"Mind the gap" may be one of the world's most well-known public safety announcements. A staple message of the London subway, it politely but pointedly reminds passengers that they are not yet safe until they have crossed the sometimes substantial gap between the train and platform. The phrase is also apt for Afghanistan, not because it has a world-renown subway system of course, but because it too will not reach safety unless it bridges a major chasm.
With the expectation that the country needs to eventually wean itself from aid dependence, Afghanistan must increasingly mind its resource or "financing" gap post-Transition. The gap is much more vexing than the country's economic growth prospects because Afghanistan won't be able to close the gap on its own for many years and an unmitigated gap could have devastating developmental and stability implications, not only for the country, but for the region and U.S. national security interests.
What is this "financing gap" and why is it so important? The term simply refers to the difference between the resources required to fund the country's needs compared to the resources it has available to do so (sometimes the gap is also called a "fiscal gap" reflecting government's role in meeting its country's needs). The World Bank estimates that Afghanistan's financing gap will reach almost 40 percent of the gross domestic product (GDP) in 2014/15 before settling to just over 20 percent of GDP in 2025. The gap is driven mainly by the country assuming greater responsibility for key expenditures: security, the civil service, and operation and maintenance of public facilities and assets.
It's hard to understand the significance of these numbers in abstract. But an oft-cited cautionary tale is the 1992 collapse of the Najibullah government. Historians attribute its demise and the subsequent civil war and Taliban takeover to the end of Soviet support to the government. Many experts fear the same fate for Afghanistan today if the country is unable to meet its needs.
Afghanistan's financing gap is dangerous as the adequacy of its resources is vital to the government's effectiveness and legitimacy. Security is an obvious country need that must be adequately financed for some time pending a sudden outbreak of peace. Less obvious are the potential setbacks in development and their implications for stability.
The United Nations Development Programme's (UNDP) newly released 2013 Human Development Index (HDI) names Afghanistan first among countries making progress on the HDI since 2000. This progress would likely end or even reverse if the country can't maintain its health, education, and other investments. But, as I wrote in an earlier blog, Afghanistan's development gains are critical in helping its economy adapt through the post-2014 transition period and enabling a virtuous circle of improved productive capacities, economic growth, and improved chances for stability. The same failure to provide public goods could also erode the already delicate citizen confidence in the government; a condition that could be exploited by anti-government actors.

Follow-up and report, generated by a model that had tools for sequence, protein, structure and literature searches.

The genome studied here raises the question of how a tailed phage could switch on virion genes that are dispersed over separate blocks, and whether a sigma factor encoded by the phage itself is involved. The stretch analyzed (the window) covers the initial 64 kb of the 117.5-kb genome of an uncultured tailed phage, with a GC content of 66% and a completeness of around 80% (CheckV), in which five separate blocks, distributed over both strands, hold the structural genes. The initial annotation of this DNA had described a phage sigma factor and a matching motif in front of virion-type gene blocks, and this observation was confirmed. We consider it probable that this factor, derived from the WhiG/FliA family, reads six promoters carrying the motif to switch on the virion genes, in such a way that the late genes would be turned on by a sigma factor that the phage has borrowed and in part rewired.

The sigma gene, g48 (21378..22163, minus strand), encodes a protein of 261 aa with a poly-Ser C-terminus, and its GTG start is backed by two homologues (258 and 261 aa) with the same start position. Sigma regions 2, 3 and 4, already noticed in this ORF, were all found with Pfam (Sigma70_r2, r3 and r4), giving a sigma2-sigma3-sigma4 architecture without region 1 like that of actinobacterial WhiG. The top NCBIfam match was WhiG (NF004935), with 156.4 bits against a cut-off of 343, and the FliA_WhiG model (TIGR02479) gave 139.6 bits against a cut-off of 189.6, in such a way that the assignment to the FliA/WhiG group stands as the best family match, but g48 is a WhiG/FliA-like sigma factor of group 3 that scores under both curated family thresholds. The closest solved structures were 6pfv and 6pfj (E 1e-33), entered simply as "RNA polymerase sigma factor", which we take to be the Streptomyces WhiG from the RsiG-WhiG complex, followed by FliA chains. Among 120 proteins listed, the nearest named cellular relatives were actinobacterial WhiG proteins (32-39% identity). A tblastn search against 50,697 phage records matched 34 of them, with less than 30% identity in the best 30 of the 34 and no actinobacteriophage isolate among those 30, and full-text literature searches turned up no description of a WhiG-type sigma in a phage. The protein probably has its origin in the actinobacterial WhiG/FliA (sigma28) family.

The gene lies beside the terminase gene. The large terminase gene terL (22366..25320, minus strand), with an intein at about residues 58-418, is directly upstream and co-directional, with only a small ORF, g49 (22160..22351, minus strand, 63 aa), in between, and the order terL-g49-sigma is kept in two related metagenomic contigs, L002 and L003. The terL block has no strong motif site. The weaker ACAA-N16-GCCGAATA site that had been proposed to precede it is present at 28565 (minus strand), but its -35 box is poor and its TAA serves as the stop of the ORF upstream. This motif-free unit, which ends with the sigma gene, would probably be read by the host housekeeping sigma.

To better understand the linkages, USAID examined the correlation between resource levels and fragility risks for Afghanistan. We found that with a rapid reduction in assistance, Afghanistan has over a 65 percent likelihood of slipping to "extreme fragility" or the worst category of fragility. On the other hand, a gradual reduction, with accompanying improvements in governance and continued investments, reduces the risk to about 25 percent. While this is still pretty fragile, if we are talking about Afghanistan and the region's stability, then the decrease of 40 points makes a big difference.
Recognizing that assistance through transition is pivotal to Afghanistan's trajectory, the international community agreed to the 2012 NATO and Tokyo commitments. But, a well-known principle of development is that solutions must be country-led to be sustainable. This is why USAID and other donors have long been working with the Afghan government to improve its fiscal position. Since 2005, domestic revenue increased over 200 percent, led by improved customs revenue which rose nearly 400 percent. Development of the extractives sector will also help as the sector has the potential to add another 2 to 3 percent of GDP annually to domestic revenue. Finally, increasing government capacity to implement projects on its own -- be it large infrastructure or basic services -- is important in helping to lower the cost of, and therefore the level of resources needed for, development.
Afghanistan has journeyed through nearly thirty years of war and dislocation. It should be no surprise then that it may take just as long for the country to arrive in its own. In the meantime, minding Afghanistan's future progress will require minding its financing gap.
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